Website contributor Brad Carman jokingly suggested on Facebook that you buy them some beer, but in all seriousness, for neighbors who are especially cool about the practicing, a nice thank you card or plate of freshly baked cookies could go a long way in keeping the good vibes going.

2. Serenade Your Clothes

If you don’t have a soundproof room of some sort, then you’ll find that a walk-in closet can be the next best thing. The clothes in the closet will go a long way towards cutting your sound way down, so the more clothes you’ve got packed in there the better (another excuse to go shopping ladies and gents!).

As I mentioned in a recent article, my wife and I just moved to a condo with no walk-in closet, so I’ve been forced to play with the bell of my horn stuck in between a sound-deadening mass of groovy garments. Although it doesn’t kill the sound as much as its walk-in counterpart, it still makes a dramatic difference.

If you do have a walk-in closet, burying your horn in the clothes while in that closet will make a truly noticeable difference.

3. Shove It!

One of the best-known remedies for the neighbor-maddening sound of an unwanted saxophone is to shove a sock, or t-shirt, or really any decent-sized piece of cloth into the bell of the horn. Of course, you can say buh bye to your low Bb and probably a few of the notes above it, but this really does help.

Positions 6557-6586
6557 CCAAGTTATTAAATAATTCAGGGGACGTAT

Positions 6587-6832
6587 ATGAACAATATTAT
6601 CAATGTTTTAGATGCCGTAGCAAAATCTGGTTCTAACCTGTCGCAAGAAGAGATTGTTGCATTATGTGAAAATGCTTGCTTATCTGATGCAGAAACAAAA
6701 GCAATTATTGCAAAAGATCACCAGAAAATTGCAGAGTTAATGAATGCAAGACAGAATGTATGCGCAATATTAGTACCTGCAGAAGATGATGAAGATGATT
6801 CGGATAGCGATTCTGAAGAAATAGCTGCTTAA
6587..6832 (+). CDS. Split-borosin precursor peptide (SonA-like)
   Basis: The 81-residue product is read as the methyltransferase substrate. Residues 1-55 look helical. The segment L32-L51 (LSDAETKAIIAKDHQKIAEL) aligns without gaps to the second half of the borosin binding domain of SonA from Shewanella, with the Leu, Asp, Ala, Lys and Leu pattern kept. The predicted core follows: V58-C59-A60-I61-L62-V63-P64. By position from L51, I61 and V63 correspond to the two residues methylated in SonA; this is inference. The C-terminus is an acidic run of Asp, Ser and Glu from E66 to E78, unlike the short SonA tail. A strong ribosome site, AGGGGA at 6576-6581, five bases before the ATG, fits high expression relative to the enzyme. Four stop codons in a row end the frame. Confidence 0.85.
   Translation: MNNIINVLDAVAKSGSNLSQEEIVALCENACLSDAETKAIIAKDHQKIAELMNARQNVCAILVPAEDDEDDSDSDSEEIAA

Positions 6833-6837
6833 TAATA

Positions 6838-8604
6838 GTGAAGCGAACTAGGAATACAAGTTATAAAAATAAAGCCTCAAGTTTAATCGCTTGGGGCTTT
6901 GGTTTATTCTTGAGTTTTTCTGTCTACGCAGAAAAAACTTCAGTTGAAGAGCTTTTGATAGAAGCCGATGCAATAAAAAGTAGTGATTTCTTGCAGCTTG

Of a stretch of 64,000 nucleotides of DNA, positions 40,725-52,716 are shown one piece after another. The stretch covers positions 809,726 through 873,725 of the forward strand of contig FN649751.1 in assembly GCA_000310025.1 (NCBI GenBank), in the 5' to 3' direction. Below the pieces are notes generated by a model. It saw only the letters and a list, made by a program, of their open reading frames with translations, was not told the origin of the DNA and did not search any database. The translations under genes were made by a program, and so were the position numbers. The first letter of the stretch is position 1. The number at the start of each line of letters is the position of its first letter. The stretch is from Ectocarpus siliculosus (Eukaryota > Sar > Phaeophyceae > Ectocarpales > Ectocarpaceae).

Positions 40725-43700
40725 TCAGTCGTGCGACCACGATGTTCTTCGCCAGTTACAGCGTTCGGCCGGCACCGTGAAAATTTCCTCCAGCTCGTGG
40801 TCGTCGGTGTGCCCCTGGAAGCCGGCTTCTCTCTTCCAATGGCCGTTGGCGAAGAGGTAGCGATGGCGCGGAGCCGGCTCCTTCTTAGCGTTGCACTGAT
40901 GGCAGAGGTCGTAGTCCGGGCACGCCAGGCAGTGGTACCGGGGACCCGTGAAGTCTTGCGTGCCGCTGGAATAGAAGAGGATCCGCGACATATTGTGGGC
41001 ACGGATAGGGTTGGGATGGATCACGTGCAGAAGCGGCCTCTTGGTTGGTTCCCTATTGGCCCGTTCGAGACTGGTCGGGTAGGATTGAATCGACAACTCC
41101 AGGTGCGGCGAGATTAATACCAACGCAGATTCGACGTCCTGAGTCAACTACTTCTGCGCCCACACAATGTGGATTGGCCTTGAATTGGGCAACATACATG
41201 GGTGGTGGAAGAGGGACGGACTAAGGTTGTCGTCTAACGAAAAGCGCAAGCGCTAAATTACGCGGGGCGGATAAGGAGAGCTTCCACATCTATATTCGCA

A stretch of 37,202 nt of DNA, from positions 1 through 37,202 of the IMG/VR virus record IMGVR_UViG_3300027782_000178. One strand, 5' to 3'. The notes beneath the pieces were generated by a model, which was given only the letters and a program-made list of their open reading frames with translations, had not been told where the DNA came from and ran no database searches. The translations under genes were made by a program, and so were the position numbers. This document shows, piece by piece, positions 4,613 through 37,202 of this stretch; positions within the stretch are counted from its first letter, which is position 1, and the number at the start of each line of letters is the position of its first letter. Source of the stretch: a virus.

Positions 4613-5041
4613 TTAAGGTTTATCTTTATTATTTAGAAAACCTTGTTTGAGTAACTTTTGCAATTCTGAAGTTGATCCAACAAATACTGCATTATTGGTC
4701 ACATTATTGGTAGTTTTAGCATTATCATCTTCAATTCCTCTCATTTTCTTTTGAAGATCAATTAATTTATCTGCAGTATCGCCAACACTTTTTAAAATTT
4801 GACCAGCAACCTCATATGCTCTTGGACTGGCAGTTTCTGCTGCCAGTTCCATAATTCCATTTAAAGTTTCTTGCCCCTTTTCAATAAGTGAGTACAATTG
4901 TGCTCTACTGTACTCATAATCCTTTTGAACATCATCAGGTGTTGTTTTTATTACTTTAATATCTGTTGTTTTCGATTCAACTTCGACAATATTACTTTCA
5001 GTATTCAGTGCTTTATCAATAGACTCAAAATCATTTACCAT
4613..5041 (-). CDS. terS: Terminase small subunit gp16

4. Turn your Car into a Practice Room

Of course, this only applies to those who own a van, truck with a camper shell, or an RV. I suppose you could try in a regular sized car, but unless your car was very large and had a ton of leg room, it would almost certainly force you into a very awkward and unhealthy position.

On the other hand, if you’re vehicle allows you to sit on a chair with your back straight or even stand, then you can always park the car somewhere away from the hustle and bustle and start sheddin’ away. You could even blast some play-along recordings from your stereo system and make your way around town as a mobile one-man show playing with the windows rolled down!

When I was touring with the Tommy Dorsey Orchestra (during the golden era of swing – you know, 1995), you could often find me horn-in-hand in our second-rate tour bus. What a killer hookup that was!

5. Take Your Business Elsewhere

One of the best solutions to this eternal dilemma is to find another place away from your home where you can practice at least some of the time, if not all of the time. Some ideas for places to practice away from home and the neighbors:

  • Both Sam and Best. Saxophone. Website. Ever. featured artist Rob Wilkerson recommend finding your way to a local college’s music building and nabbing a practice room there. Perhaps you can work out some sort of deal where they let you practice in one of the rooms for free or for a small price. Or you can do as Sam did and teach a class at the school to get an student ID. If you’re travelling and don’t plan on being in town for more than a day or two, Rob recommends sneaking your way into the music building under the radar (but I didn’t tell you that).